New research has revealed early superannuation withdrawals are not being used as intended.
Data released by illion and Alphabeta on Monday showed many Australians who had withdrawn their super had used the money to increase their spending, not just maintain it.
Additionally, nearly half (40%) of those who accessed their superannuation saw no drop in their income during the COVID pandemic.
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AlphaBeta Director Dr Andrew Charlton said people may not understand how much their spending now would cost them in retirement.
"People who accessed their superannuation have made one of the most expensive spending decisions of their lives," Dr Charlton said.
"While this policy was aimed as a lifeline, what we see is many people accessing their Super, who really could have kept it working away until their retirement."
Spending nearly tripled in the fortnight after the money was received, compared to an average fortnight before the money was accessed.
A third of this money was used up in the first two weeks.
On average, people withdrew around $8,000 and spent an extra $2,855 in two weeks, compared with the same group's average spending in a normal fortnight.
Simon Bligh, illion chief executive, said 64% of the additional spending was on discretionary items such as clothing, furniture, restaurants and alcohol.
“There’s a group of people out there living very large on pizza and beer courtesy of tax-free super," Mr Bligh said.
"These are the most expensive pizzas they will ever eat. This money is available for anyone with a bit of Super who puts their hand up.
"It’s a situation that was entirely avoidable."
“Based on the compounding nature and investment returns of Super, spending this amount of Super on low priority discretionary items such as fashion and gambling will have an impact worth potentially $100,000 when it comes to retirement,” Dr Charlton said.
Mr Bligh said there was a chance to address this and rectify it before the next tranche of Super payments could be accessed.
“We’d certainly urge the government to put in some checks and balances at the very least," he said.
“The next round of releasing Super should be more tightly managed, with more due diligence over whether the applicants qualify.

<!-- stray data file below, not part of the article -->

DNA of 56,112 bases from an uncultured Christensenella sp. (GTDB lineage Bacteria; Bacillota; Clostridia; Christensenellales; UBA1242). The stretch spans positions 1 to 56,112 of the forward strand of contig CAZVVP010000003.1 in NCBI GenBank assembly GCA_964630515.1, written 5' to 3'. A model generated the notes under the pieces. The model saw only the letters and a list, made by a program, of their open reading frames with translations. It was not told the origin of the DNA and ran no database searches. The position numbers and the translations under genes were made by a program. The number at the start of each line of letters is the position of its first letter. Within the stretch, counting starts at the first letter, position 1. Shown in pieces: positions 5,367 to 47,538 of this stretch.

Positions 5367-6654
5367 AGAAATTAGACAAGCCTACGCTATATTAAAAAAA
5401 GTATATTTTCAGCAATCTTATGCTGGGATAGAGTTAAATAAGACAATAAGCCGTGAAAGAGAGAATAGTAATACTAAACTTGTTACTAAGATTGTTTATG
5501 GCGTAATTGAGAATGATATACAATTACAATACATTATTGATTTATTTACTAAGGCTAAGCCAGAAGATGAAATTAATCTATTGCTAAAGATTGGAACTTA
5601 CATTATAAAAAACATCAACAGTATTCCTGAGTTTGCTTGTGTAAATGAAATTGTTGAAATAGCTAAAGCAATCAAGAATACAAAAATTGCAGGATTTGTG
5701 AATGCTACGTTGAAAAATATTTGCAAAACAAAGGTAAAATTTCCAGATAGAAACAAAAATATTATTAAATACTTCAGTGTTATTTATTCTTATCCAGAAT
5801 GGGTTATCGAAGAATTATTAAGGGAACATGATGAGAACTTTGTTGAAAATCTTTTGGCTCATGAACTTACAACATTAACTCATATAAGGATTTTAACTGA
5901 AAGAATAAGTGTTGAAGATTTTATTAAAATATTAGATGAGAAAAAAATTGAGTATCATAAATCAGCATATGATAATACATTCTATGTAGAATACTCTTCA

"Tools are readily available to do this digitally."
Data from the Australian Tax Office (ATO) revealed 1.35 million early release superannuation applications had been approved, with most withdrawing the maximum of $10,000.
More than one in seven women withdrawing their whole super balance
Analysis of early super withdrawal applications showed women were withdrawing a greater proportion of their super balance than men.
Despite women withdrawing less than men, on average they were withdrawing 21% of their starting super balances, compared to 17% for men.
Additionally, 14% of women were clearing out their entire super balance as a result of these withdrawals, compared to 12% of men.
These withdrawals are widening the gender superannuation gap, with men having on average 29% higher superannuation balances than women following the withdrawals, increasing from 25%.
According to the Australian Bureau of Statistics, 325,000 women became unemployed in April, representing 55% of all jobs lost in Australia, while female work hours reduced by 11.5% compared to a 7.5% reduction in male hours.
Lara Bourguignon, AMP’s Managing Director, Superannuation, Retirement and Platforms, said AMP’s analysis of early super withdrawals reflects the greater impact COVID-19 was having on female employment.
“70% of workers in the health and social sectors are also women," Ms Bourguignon said.
"These are lower income occupations which are at the front of the fight against COVID-19. Cleaners, teachers, child-care and aged care workers are predominantly women.
“We also know that more women have lost their jobs or had their work hours reduced as a result of COVID-19.
"They are doing it particularly tough at the moment and the early release scheme has been a vitally important initiative to help manage through the crisis."
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